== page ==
Defendant first argues that the court erred by denying his motions to dismiss at the close of the State's evidence and at the close of all the evidence. In deciding a motion to dismiss, the court must consider the evidence in the light most favorable to the State, giving it the benefit of every reasonable inference that may be drawn from the evidence. State v. Brown, 310 N.C. 563, 566, 313 S.E.2d 585, 587 (1984). Contradictions and discrepancies in the evidence are to be disregarded and left for resolution by a jury. State v. Powell, 299 N.C. 95, 99, 261 S.E.2d 114, 117 (1980). The trial court determines whether there is substantial evidence to establish each element of the offense charged and to identify the defendant as the perpetrator. State v. Earnhardt, 307 N.C. 62, 65- 66, 296 S.E.2d 649, 651 (1982). "The trial court's function is to determine whether the evidence will permit a reasonable inference that the defendant is guilty of the crimes charged." State v.Vause, 328 N.C. 231, 237, 400 S.E.2d 57, 61 (1991).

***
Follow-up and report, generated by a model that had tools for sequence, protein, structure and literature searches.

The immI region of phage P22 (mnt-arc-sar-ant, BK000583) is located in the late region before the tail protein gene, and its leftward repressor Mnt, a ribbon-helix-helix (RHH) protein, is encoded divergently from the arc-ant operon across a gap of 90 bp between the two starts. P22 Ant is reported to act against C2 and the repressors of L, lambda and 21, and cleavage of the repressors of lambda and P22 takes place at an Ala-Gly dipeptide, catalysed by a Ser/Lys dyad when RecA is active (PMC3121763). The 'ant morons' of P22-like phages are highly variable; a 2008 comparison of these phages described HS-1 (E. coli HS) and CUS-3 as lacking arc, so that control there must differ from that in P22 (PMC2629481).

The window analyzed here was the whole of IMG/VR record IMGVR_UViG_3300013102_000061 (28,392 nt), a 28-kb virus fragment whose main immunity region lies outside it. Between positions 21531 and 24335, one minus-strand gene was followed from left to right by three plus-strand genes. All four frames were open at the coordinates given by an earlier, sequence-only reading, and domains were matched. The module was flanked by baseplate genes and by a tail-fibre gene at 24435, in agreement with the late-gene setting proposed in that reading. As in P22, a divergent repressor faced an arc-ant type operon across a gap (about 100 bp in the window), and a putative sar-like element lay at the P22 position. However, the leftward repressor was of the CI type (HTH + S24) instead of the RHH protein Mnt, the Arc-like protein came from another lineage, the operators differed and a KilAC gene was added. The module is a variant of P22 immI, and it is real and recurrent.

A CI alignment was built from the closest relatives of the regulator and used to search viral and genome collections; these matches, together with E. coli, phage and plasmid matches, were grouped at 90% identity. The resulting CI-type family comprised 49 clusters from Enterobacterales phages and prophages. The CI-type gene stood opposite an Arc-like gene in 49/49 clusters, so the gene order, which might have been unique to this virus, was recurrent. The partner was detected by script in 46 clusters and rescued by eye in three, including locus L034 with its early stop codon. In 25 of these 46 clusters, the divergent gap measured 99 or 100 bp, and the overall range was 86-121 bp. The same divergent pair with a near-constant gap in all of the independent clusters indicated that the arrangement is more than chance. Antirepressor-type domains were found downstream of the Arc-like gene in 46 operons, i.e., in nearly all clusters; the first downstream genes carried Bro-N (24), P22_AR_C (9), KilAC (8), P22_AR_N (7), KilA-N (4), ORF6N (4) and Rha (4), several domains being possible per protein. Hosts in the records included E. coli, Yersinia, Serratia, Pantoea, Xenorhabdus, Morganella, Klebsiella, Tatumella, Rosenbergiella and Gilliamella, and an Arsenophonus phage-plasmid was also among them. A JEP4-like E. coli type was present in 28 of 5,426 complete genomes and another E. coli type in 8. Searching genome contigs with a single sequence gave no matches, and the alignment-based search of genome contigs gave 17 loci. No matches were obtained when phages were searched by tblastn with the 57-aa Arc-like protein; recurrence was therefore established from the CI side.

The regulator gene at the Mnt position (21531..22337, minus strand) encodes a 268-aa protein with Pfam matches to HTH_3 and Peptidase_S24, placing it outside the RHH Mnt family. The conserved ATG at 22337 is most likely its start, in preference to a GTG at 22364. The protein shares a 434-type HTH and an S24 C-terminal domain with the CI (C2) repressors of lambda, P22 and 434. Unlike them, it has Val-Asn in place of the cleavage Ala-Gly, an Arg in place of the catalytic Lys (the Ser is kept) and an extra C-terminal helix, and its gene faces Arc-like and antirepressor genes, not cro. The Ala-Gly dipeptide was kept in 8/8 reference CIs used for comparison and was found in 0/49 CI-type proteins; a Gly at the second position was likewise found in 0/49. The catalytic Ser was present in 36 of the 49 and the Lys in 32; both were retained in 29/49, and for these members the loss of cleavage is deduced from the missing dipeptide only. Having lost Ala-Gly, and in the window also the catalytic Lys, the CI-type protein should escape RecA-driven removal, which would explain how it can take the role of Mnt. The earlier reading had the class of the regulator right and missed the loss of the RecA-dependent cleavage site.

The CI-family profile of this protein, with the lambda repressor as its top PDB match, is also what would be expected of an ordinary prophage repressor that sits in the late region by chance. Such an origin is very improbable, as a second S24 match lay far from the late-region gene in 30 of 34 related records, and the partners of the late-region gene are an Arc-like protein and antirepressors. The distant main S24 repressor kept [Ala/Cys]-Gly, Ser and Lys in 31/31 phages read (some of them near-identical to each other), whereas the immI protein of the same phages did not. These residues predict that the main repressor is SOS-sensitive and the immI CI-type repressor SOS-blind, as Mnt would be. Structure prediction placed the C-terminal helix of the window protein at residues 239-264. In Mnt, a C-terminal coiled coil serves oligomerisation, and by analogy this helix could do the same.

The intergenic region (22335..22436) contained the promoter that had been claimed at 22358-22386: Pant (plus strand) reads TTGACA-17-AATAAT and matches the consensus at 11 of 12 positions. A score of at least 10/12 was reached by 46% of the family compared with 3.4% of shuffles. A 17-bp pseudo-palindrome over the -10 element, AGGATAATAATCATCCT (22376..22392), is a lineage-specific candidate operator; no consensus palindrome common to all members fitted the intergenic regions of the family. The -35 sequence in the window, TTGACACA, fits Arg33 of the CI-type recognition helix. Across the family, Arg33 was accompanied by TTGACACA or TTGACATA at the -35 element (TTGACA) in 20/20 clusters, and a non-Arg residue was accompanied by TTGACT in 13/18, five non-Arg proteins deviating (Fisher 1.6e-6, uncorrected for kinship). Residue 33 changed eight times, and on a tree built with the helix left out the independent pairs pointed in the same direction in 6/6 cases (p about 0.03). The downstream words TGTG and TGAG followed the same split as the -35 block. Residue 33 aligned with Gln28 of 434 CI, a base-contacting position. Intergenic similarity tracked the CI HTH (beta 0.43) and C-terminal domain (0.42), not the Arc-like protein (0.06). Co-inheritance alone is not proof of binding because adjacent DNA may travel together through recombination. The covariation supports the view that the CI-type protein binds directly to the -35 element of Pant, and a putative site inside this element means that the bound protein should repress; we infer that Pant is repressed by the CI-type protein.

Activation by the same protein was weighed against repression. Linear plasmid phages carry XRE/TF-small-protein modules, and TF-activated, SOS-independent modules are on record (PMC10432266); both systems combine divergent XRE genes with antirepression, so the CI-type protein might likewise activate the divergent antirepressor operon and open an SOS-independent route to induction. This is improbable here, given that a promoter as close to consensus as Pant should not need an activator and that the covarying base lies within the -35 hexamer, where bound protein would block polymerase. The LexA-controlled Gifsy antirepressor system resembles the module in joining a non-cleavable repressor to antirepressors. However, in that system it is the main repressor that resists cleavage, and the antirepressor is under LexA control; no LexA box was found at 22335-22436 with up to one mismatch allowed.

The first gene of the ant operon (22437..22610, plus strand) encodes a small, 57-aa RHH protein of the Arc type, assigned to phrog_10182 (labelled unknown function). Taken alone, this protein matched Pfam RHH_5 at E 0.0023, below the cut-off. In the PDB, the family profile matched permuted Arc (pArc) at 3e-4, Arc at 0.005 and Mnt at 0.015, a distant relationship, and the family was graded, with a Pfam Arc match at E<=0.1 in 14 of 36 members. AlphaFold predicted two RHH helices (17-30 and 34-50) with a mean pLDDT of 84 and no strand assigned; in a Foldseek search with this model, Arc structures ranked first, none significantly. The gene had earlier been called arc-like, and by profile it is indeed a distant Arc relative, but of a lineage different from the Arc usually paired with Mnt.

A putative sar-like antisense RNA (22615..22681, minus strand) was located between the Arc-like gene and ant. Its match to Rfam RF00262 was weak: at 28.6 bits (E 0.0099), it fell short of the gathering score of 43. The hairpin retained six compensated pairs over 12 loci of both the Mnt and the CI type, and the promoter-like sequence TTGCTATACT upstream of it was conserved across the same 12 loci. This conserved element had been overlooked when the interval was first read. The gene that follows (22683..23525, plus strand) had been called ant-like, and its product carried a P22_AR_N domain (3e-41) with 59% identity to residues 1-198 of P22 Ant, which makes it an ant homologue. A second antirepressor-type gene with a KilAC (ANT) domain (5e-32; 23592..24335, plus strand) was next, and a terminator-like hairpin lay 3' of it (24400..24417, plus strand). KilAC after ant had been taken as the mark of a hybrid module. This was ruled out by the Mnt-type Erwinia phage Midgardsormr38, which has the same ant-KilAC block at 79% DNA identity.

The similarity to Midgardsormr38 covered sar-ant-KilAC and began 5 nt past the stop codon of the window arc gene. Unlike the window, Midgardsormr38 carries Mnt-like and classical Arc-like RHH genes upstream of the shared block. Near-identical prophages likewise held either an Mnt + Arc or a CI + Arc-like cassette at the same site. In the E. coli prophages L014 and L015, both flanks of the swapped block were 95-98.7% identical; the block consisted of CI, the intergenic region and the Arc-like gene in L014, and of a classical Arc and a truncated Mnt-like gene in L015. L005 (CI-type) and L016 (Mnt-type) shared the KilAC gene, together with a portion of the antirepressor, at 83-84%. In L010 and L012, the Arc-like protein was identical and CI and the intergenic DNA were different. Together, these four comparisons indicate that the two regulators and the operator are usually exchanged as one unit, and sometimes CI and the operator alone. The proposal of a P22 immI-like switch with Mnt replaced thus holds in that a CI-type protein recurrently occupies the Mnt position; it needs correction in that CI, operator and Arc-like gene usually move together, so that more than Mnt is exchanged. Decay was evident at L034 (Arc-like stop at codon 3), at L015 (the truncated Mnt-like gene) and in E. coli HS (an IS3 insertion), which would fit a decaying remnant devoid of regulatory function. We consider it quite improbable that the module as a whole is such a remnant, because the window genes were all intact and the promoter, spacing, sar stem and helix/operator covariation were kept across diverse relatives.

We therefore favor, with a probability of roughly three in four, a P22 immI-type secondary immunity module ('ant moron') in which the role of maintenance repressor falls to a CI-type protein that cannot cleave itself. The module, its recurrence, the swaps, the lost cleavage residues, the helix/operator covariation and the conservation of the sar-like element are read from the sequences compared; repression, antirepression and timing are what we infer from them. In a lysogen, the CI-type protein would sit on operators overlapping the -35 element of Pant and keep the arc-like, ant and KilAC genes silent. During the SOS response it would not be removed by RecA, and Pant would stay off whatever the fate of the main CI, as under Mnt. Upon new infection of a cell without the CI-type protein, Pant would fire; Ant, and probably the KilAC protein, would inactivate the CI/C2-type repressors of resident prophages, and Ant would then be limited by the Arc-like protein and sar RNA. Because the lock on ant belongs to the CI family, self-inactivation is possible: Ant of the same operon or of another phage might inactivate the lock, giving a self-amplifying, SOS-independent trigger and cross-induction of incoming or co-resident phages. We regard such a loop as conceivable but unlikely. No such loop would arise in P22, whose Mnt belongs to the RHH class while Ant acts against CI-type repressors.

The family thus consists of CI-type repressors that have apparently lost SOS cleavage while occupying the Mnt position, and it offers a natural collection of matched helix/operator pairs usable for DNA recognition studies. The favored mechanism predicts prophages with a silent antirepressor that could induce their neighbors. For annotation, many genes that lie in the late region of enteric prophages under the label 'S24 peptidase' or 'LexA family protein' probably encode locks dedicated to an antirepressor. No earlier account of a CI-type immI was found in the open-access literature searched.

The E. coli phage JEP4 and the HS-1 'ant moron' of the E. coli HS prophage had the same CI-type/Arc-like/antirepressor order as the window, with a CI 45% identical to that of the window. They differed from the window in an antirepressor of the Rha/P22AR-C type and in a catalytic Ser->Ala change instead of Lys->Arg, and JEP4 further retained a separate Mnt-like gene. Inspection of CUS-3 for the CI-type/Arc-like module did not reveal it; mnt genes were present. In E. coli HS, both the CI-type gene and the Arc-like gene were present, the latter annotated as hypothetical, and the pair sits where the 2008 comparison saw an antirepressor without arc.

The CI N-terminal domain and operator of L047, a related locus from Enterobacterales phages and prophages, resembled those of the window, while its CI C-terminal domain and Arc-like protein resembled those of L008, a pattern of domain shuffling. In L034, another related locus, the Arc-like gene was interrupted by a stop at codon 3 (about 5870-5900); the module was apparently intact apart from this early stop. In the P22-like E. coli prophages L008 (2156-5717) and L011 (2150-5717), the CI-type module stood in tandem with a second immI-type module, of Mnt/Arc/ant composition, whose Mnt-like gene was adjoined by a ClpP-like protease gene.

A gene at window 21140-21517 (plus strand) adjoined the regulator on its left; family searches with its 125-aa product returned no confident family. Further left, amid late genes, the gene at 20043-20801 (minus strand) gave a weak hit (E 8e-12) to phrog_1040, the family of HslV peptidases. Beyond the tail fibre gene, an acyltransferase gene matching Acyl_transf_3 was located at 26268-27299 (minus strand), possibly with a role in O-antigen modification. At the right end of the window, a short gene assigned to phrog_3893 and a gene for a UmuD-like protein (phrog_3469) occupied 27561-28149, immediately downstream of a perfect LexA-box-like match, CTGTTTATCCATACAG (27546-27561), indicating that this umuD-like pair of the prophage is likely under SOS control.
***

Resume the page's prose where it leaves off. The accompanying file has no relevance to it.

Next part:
The crime of assault with a deadly weapon inflicting serious injury consists of "(1) an assault (2) with a deadly weapon (3) inflicting serious injury (4) not resulting in death." State v. Aytche, 98 N.C. App. 358, 366, 391 S.E.2d 43, 47 (1990). A defendant may use deadly force to repel a felonious assault when it appears reasonably necessary to protect himself from death or great bodily harm. State v. Hunter, 315 N.C. 371, 373, 338 S.E.2d 99, 102 (1986). The defendant, however, has the right of self-defense only if he is without fault in provoking, engaging in, or continuing a difficulty with another. State v. Anderson, 230 N.C. 54, 56, 51 S.E.2d 895, 897 (1949). In addition, when the defendant is confronted with a non-felonious assault, he has a duty to retreat if there is any available way of escape. State v. Allred, 129 N.C. App. 232, 235, 498 S.E.2d 204, 206 (1998).
    Defendant argues the evidence fails to identify him as the perpetrator and even if the identification testimony of Owensby is sufficient, the evidence shows he acted in self-defense. We disagree. Owensby's identification testimony is sufficient to submit the case to the jury on that issue. The evidence also shows that defendant initiated the physical scuffle by shoving Owensby. Rather than retreating when Owensby retaliated, defendant escalated the affray by producing a knife and assaulting Owensby with it. Owensby never displayed or used a weapon during the altercation.